However, these data do not take account of some of the unanswered questions around atrial fibrillation. The first is how far current underutilisation of warfarin by primary care physicians is appropriate? Despite the evidence on treatment benefits, concerns continue over how widely the data from the highly selected hospital populations used in the treatment trials are relevant to the undifferentiated and largely elderly patients seen in primary care.13 ,14 Practising clinicians, who are more likely be influenced in management decisions by treatment risks above treatment benefits,15 may underutilise anticoagulation by believing that studies have overestimated the size of treatment effect and underestimated treatment risks. In the case of anticoagulation, physicians overestimate the risk of haemorrhage in patients on warfarin.16 ,17 Such fears not only influence primary care practice; similar concerns among hospital specialists contribute to only 37–60% uptake of warfarin in eligible patients in US hospital practice.18-22Overemphasis of treatment risk is also a factor in primary care underuse of angiotensin converting enzyme inhibitors in heart failure.16 ,23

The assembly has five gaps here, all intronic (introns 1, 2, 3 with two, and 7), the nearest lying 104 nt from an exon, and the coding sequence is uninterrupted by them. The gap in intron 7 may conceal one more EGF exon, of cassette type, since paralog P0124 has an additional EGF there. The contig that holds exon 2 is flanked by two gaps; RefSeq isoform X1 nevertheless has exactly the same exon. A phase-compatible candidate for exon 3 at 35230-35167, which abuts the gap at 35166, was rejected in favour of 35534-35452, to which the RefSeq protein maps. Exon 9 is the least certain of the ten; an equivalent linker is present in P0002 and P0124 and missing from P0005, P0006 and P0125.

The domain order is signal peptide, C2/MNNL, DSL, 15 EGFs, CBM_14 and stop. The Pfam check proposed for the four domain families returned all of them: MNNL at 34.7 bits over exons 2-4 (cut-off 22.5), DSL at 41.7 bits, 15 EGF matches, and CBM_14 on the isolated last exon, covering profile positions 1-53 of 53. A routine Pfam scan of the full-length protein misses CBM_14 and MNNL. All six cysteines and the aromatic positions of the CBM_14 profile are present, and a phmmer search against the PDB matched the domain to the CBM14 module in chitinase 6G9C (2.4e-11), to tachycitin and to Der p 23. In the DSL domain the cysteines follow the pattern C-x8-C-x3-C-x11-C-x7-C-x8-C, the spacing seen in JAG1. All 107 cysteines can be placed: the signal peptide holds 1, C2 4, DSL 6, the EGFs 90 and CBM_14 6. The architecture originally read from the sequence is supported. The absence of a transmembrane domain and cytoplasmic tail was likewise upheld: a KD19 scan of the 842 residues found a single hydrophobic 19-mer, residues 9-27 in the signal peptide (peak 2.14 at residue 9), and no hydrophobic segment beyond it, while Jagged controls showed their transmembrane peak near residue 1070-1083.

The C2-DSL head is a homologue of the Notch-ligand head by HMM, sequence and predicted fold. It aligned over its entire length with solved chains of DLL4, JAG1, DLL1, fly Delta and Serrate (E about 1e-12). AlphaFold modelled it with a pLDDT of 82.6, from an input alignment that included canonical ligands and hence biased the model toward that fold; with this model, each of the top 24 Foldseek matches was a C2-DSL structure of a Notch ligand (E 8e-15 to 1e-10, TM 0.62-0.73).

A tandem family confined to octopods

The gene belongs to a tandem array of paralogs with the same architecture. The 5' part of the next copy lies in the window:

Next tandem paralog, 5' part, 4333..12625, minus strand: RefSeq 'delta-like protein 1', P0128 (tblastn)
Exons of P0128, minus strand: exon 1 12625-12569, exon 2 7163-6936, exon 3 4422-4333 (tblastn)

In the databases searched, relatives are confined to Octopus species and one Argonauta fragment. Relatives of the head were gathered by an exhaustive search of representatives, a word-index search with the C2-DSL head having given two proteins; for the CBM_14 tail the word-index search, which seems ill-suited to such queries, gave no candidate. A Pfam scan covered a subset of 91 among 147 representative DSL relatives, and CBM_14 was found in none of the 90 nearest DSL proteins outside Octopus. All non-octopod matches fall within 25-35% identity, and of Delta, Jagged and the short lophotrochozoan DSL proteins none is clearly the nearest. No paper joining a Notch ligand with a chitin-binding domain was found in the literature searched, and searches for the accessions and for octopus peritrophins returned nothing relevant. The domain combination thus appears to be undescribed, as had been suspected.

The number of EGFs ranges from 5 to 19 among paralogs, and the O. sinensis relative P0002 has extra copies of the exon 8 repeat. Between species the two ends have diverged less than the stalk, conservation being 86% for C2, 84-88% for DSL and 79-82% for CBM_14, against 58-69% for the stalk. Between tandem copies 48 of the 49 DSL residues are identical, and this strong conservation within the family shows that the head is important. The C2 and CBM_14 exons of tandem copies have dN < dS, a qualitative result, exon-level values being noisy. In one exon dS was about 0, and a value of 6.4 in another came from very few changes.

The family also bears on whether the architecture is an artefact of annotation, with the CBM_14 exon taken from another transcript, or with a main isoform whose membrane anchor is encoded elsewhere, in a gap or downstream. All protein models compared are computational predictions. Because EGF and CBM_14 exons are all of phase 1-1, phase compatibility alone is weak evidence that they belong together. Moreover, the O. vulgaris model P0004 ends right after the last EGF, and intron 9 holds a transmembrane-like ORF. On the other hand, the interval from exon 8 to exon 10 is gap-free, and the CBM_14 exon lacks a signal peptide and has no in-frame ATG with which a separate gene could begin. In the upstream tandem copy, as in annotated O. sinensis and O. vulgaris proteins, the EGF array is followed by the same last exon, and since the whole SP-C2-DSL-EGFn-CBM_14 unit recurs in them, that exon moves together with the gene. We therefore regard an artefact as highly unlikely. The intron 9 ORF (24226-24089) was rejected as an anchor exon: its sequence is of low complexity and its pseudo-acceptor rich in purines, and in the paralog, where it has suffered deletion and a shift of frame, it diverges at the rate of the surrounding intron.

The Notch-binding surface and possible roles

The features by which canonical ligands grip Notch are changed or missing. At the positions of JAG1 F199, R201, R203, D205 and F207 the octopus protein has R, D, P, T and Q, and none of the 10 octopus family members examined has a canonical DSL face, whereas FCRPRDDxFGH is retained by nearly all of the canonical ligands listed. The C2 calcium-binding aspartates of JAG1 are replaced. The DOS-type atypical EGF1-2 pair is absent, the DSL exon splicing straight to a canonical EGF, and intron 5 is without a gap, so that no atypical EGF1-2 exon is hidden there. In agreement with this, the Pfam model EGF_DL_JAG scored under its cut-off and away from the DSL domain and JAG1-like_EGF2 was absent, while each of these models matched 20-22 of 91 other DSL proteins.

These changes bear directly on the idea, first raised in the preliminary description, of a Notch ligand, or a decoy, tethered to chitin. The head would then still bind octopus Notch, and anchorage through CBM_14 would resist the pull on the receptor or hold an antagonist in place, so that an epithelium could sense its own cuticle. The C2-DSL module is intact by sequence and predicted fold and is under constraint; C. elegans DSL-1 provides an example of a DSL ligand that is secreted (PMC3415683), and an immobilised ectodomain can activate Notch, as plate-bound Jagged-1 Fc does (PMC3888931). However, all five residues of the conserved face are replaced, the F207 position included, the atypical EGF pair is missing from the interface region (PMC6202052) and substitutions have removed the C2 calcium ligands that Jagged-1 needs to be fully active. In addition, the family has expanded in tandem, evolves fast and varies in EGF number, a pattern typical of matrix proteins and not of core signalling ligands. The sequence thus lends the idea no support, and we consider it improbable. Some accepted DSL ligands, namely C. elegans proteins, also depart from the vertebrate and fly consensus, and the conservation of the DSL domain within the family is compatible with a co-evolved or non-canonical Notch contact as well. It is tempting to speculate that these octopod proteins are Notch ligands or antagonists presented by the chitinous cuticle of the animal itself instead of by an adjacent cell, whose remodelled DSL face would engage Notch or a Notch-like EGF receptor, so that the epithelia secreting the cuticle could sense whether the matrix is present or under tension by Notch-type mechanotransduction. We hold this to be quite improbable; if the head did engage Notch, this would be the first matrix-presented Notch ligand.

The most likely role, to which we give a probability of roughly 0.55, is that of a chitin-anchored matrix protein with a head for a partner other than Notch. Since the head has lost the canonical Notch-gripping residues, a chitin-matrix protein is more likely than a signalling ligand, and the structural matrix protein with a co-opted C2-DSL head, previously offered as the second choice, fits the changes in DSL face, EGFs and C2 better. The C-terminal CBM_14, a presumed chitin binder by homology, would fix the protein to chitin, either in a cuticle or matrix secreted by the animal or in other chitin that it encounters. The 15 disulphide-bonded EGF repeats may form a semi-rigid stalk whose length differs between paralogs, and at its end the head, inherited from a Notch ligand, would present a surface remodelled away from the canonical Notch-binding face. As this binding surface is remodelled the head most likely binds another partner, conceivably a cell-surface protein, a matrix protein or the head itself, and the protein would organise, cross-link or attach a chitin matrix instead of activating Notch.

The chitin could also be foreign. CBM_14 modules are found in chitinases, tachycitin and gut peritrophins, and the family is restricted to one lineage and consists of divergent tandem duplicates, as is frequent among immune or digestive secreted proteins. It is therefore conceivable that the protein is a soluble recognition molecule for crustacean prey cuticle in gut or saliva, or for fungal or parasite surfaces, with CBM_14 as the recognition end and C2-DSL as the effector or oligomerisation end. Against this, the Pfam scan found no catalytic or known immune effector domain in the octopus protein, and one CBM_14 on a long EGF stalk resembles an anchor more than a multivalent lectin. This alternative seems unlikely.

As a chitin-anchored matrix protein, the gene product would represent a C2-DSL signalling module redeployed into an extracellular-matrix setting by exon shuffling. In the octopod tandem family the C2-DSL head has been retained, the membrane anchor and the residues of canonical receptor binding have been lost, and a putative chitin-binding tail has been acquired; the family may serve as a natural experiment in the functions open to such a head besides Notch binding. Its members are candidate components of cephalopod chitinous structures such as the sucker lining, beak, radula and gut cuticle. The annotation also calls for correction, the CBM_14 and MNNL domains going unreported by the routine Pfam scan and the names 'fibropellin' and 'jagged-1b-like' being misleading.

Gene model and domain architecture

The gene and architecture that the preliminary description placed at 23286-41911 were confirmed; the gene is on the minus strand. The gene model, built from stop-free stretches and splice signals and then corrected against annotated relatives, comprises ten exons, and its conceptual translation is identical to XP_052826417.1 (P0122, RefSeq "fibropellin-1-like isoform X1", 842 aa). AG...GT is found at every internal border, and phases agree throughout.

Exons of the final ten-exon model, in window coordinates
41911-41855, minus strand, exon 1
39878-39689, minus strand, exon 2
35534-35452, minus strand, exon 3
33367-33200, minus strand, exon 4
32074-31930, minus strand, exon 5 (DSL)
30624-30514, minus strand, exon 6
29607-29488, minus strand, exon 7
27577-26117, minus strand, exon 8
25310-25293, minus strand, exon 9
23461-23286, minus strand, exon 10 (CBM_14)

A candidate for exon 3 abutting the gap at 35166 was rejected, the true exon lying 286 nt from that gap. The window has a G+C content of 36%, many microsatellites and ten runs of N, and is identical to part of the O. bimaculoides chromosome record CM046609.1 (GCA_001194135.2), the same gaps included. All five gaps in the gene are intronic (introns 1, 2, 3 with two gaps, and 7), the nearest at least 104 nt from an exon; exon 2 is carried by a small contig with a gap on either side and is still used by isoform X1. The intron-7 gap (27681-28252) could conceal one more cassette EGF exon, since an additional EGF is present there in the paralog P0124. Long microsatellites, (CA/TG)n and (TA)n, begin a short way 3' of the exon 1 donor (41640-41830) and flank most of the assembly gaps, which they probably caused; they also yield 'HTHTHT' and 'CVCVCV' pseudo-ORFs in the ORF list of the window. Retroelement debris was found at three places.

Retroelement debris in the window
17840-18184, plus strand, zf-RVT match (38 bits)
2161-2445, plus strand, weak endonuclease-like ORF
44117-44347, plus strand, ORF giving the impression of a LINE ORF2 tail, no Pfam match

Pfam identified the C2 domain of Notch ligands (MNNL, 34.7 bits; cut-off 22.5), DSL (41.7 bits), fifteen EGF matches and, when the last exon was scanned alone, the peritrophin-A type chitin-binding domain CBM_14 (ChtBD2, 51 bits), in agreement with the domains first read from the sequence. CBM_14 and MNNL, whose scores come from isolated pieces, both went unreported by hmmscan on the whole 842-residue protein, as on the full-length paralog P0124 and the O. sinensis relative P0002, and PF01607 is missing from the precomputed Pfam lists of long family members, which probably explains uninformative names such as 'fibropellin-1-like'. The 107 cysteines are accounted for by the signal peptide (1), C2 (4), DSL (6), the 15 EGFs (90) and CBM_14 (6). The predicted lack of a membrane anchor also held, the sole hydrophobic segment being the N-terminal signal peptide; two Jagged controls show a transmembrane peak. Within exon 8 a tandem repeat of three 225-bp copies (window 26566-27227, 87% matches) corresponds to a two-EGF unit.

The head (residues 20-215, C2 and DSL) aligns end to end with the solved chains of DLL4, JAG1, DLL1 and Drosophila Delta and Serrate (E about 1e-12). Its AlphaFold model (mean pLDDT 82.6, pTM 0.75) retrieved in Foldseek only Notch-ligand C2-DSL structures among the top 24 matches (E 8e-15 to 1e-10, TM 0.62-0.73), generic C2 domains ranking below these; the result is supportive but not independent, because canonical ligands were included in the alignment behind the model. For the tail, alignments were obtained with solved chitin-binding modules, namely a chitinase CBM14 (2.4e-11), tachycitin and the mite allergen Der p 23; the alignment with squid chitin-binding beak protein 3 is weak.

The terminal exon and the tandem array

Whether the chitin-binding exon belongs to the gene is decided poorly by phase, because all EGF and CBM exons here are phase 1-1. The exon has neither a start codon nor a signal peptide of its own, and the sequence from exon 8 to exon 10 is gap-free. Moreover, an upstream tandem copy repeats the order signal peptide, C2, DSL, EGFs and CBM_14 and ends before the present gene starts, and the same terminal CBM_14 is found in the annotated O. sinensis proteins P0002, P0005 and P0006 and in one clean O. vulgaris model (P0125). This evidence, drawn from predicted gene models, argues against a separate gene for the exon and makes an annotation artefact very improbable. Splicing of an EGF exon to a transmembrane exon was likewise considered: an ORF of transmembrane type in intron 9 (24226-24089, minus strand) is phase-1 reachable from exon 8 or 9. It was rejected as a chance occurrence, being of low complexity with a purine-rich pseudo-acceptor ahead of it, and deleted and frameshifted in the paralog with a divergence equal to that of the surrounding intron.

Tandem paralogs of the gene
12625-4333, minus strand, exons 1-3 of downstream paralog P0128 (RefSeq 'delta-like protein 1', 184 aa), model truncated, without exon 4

Uncertainties over atrial fibrillation treatment strategies particularly relate to patients over 75, in whom anticoagulation may be more hazardous. Further trials are needed to identify the ideal international normalised ratio (INR) target range for such patients—for example, a target INR range of 1.6–2.5 has yet to be tested in a clinical trial.